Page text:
I probably knew in the back of my mind that it mattered to a certain extent and would occasionally find myself there just out of curiosity or looking to take a break from a busy life.
Almost every time I went, I didn’t know what I was doing. I would come out of the store bewildered, not knowing what to buy. If I did buy something, it would be something crazy-looking and expensive that I would end up never wearing, like a Ed Hardy deep v-neck.
I’m so glad that I took some time to invest and learn about men’s fashion. I realize now that the materials and ingredients were always there around me. The stores I wanted to go to were always where, but I just didn’t know what to buy or look for.
Rather than looking for a dress-shirt or a proper fitting pair of pants, I might come out with some crazy-colored t-shirt I thought looked cool. This is a great example of learning from people who know what they’re doing.
Fashion is one of those areas where someone who is below-average in skill can be lead to believe that he is great at it. Learning about the standards of fashion and what other girls like really helped eliminate my bias. I see this in others to an extreme extent and so you have to be careful.
If I were to summarize this whole thing in as few words as possible, it’d be:
Keep it smart but simple, wear what’s timeless, wear what’s comfortable to you, wear v-necks, black and white simple colors, suits, boots, jeans, be willing to spend a little more for quality.
Don’t spend too much on a specific article of clothing.
Certain things 99% of people can’t tell costs 100x more so save yourself the cash.
Examples include jeans and ties. Spend a reasonable amount (don’t be super cheap) but don’t spend thousands or even hundreds.
Fashion differs slightly depending on your culture and geographic location. People in a certain area might like more preppy-clothing.
According to Realmenrealstyle.com, remember the 3 pillars of Fashion success: fit, fabric, and function.
Fit – Does it properly fit your body frame well?
Fabric – Is it good quality? Will it last?
Function – Are you wearing it for the right occasion?
What you choose to wear can have a deep effect. You could be the most successful, wealthiest, most intelligent businessman on earth but if you dress like you’re a 17 year old teenager with a messy t-shirt, men and women sometimes won’t even give you a chance to open your mouth.
They often have nothing to go on but your looks.
I’m starting to see the importance of looks now. There are adults who have done fairly well and somehow managed to get through life without having to care at all about their fashion or grooming. Because of that, they have disheveled hair and crumbled jackets that they wear. Even I can’t deny it’s not a good look.
You’re definitely selling yourself short if you’re an amazing guy and you choose to dress very poorly. Most people don’t realize that your fashion is a choice. Many people have sort of just got used to it being a routine. It is definitely something that is a choice and that can be changed for the better.
Is it just tough to find people like you who will give you a chance?
Are you sick of people telling you to go to bars?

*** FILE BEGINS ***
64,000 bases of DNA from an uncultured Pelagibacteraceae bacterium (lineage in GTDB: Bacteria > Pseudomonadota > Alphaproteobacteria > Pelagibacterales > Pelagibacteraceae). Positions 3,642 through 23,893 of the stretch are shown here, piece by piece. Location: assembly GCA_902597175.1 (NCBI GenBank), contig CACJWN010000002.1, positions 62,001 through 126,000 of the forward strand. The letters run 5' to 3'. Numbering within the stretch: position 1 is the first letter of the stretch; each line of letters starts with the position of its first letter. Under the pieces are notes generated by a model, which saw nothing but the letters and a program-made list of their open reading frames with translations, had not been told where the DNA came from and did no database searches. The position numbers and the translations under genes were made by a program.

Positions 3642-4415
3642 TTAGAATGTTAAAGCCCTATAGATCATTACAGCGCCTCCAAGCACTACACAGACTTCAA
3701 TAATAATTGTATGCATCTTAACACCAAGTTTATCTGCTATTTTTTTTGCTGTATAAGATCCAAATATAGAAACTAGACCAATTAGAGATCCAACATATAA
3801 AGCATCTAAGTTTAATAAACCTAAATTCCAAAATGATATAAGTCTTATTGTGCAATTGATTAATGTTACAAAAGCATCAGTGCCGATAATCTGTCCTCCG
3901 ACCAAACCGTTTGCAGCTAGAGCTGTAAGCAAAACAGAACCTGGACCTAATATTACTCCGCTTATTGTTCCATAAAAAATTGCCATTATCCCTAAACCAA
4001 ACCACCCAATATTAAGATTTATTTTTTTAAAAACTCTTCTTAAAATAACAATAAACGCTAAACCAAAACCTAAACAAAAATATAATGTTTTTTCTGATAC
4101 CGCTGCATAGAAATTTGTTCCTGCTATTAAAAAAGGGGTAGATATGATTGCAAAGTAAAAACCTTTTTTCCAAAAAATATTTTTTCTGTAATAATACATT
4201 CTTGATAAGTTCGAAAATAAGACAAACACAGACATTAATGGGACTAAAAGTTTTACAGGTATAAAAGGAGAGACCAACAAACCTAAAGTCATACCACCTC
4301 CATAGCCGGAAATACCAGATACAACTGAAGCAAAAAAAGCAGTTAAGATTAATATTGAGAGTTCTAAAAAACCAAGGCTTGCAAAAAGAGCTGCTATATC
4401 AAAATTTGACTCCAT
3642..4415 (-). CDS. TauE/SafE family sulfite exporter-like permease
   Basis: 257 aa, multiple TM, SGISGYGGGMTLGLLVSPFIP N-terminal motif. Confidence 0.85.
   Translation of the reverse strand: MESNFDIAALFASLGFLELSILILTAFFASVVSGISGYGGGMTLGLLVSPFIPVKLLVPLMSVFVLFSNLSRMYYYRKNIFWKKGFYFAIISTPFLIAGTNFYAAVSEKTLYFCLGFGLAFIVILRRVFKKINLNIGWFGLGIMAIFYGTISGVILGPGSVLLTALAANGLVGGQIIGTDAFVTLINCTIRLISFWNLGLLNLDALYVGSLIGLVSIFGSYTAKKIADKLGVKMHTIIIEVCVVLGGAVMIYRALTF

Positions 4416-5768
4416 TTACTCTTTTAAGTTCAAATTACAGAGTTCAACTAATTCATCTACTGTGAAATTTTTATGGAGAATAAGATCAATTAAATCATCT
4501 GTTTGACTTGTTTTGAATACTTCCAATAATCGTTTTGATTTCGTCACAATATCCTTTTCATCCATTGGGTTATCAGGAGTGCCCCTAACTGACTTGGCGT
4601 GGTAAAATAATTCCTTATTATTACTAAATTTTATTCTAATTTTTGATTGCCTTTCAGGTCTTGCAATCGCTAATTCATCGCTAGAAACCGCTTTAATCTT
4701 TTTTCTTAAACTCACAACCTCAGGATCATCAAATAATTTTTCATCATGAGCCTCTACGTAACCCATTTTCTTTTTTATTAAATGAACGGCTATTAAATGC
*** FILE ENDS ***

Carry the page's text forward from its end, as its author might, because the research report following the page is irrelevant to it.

The truth is that you need to know where to find the girl of your dreams and go there. Because she exists right now. She is alive and she is somewhere right now.
In this article, I will show you how you can reverse engineer where these people hang out. This can be used for a lot of different areas of your life, not just dating. For example, if you are having trouble finding your ideal customer, you can use this model as well.
This is what I learned from Chapter 17 of the book Mate by Tucker Max.
Bars and Night Clubs Are Horrible Places To Meet Women
Being able to meet a girl you’ve never met, pick her up, and seduce her is a toxic myth.
Maybe you’ve been lead to believe that you can consistently go up to a girl you never met and quickly hook up with her.
It can be done but it’s very hard, even for the most experienced guys. You need to be confident, friendly, outgoing, loud, funny, and verbally fluent.
Most guys don’t have the personality type to do that. And that’s OK. You don’t need to do it this way. There are easier and better ways.
Bars and nights clubs aren’t the best way. Perhaps you’ve been lead to believe this by Hollywood, modern society, the businesses that make a profit if you go there, dating coaches, or pick up artists.
The truth is it’s way more competitive and tougher because:
There are a lot more guys to compete against.
The environment and loud music emphasize superficial traits like nonverbal cues, physique, body language, clothing, accessories, and wealth.
It’s dark, crowded, noisy. This makes it harder to communicate.
Women are ruder and more on guard because of the stronger, and potentially dangerous male strangers that could rape her and the increased volume of people hitting on her. It’s in her biological nature.
A bar is a bad place for meeting people because it has both gender’s worst fears at play.
Women biologically most fear being sexually assaulted. Men biologically most fear sexual humiliation. Both are most at play here.
So now, you are probably wondering, “Where are some actually good places to meet women besides bars?”
Let me tell you…
Make your dating life an extension of your social life